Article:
We’re a quarter of the way through the 2015 season and the water is as murky as ever.
After a wild day of action on Saturday, some perceived contenders are already slipping out of the College Football Playoff picture, while other top teams have been plagued by shaky play. With all of the week-to-week movement, there’s as much parity around the country as there’s ever been.
Take No. 6 USC for example. The Trojans won their first two games by a combined score of 114-15, but were pushed around Saturday night at home by a Stanford team that was beat up by Northwestern in Week 1.
The Cardinal offense bullied the Trojans defense up and down the field, dominating the line of scrimmage and controlling the ball for nearly 40 minutes behind stellar performances from Kevin Hogan (18/23, 279 yards, 2 TDs) and Christian McCaffrey (115 yards rushing).
Now a USC team that appeared so explosive through two games all of sudden looks vulnerable. On top of that, two of the Pac-12’s best teams – USC and Oregon – already have losses with a daunting conference slate on the horizon.
Top-ranked Ohio State is another perplexing team. The Buckeyes’ offense looked lost for a second week in a row but managed to barely beat Northern Illinois. OSU’s quarterback depth was the talk of the offseason, but after three weeks, Urban Meyer is looking for answers – especially with No. 4 Michigan State continuing its stellar play.
Another top-five team, No. 3 TCU, also barely eked out a win over SMU as its defense took another hit with starting cornerback Ranthony Texada going down with a season-ending injury.
Most assumed the Big 12 would be a two-team race between TCU and No. 5 Baylor again this season, but No. 16 Oklahoma, led by Baker Mayfield, may stick its nose into the mix. Best of all, those three teams don’t play one another until November in games that will undoubtedly have playoff implications.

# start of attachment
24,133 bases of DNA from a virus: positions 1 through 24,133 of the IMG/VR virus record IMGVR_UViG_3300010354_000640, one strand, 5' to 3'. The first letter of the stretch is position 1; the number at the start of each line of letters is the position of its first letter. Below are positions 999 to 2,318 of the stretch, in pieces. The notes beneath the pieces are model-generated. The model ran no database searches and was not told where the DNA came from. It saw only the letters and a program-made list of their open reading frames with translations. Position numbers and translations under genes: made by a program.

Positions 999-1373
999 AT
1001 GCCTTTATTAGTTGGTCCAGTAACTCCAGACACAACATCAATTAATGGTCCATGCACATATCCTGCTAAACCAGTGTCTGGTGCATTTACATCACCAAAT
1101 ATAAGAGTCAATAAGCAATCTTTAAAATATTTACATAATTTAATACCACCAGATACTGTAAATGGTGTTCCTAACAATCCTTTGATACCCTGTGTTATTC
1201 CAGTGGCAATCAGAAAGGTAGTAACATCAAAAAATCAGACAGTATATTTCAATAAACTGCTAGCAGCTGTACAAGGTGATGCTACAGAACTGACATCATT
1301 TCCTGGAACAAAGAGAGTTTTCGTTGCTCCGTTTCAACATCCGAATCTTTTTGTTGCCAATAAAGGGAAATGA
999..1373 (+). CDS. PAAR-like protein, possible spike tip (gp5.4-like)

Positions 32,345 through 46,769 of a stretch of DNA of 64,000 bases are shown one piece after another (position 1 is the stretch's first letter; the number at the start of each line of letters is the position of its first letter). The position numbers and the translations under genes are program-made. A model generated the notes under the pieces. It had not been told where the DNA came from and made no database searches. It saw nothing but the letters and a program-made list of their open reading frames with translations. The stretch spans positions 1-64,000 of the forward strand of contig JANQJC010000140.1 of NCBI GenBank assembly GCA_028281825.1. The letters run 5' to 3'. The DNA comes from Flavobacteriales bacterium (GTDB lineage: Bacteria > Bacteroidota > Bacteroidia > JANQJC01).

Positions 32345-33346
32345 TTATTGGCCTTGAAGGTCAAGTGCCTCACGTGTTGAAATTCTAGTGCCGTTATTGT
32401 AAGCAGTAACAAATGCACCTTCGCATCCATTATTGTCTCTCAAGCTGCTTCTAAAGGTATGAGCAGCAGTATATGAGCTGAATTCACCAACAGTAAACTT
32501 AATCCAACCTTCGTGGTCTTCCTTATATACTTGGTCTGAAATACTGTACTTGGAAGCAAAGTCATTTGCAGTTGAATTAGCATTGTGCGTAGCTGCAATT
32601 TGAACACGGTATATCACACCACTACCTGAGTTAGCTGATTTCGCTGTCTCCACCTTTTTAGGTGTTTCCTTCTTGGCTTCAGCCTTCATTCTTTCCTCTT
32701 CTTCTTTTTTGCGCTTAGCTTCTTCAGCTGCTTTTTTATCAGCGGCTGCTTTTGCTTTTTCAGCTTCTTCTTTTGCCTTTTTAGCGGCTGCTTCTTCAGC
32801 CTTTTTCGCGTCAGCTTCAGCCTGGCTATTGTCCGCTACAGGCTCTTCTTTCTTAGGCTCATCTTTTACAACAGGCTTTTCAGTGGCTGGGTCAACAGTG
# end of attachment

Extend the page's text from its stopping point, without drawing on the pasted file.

The ACC is wide open, too. Three-time defending league champions Florida State looked completely lost on offense in a shaky win over Boston College while Clemson needed all 60 minutes to hold off a lackluster Louisville team.
No. 14 Georgia Tech, another contender from the ACC’s top tier, traveled to South Bend on Saturday and found out that No. 8 Notre Dame will be just fine even without starting QB Malik Zaire.
And we haven’t even mentioned the SEC yet.
Auburn and Arkansas were both trendy preseason Playoff picks. The Arkansas pipe dream is officially dead after back-to-back home losses to Toledo and Texas Tech. Ouch.
Auburn showed that last week’s lucky win over FCS Jacksonville State wasn’t a fluke. The Tigers were destroyed 45-21 by a resurgent Leonard Fournette-led LSU squad that will make another leap in the rankings alongside Georgia, which dominated South Carolina, 52-20, behind a record-setting effort from Greyson Lambert.
SEC teams will continue to beat each other up over the course of a long season, and with no clear favorite established, it’s going to be whole lot of fun to watch.
Oh, and No. 2 Alabama lost at home to No. 15 Ole Miss.
Think of it this way: if your projected College Football Playoff final four is the same as it was when the season started, you might as well be Nostradamus. The first three weeks have been wild, but we’re only at the quarter pole. Imagine the madness that awaits as we head to the finish line.
Ryan Switzer, North Carolina: The Tar Heels comfortably dispatched Illinois, 48-14, and Switzer had himself a day in the process. He had a 71-yard punt return in the second quarter that set up a North Carolina field goal, then snapped off an 85-yard touchdown in the fourth quarter. All told, he racked up 168 punt-return yards to set a school single-game record set in 1951. He also caught three passes for 50 yards and a score, tallying up a big day that would have been even bigger had he not dropped what would have been another touchdown. He probably gets a free pass for that with the day he had, though.
Northwestern: It hasn’t been pretty, but wins over Stanford and now Duke have the Wildcats looking salty with a game against Ball State left before conference play. Northwestern held one of the ACC’s pluckiest teams to just 327 yards of total offense and forced three turnovers, while gaining just 271 yards itself, showing an opportunism that’s becoming a trademark of Pat Fitzgerald’s teams. And with an upcoming schedule devoid of Ohio State and Michigan State, the Wildcats are suddenly sitting pretty compared to their Big Ten West foes.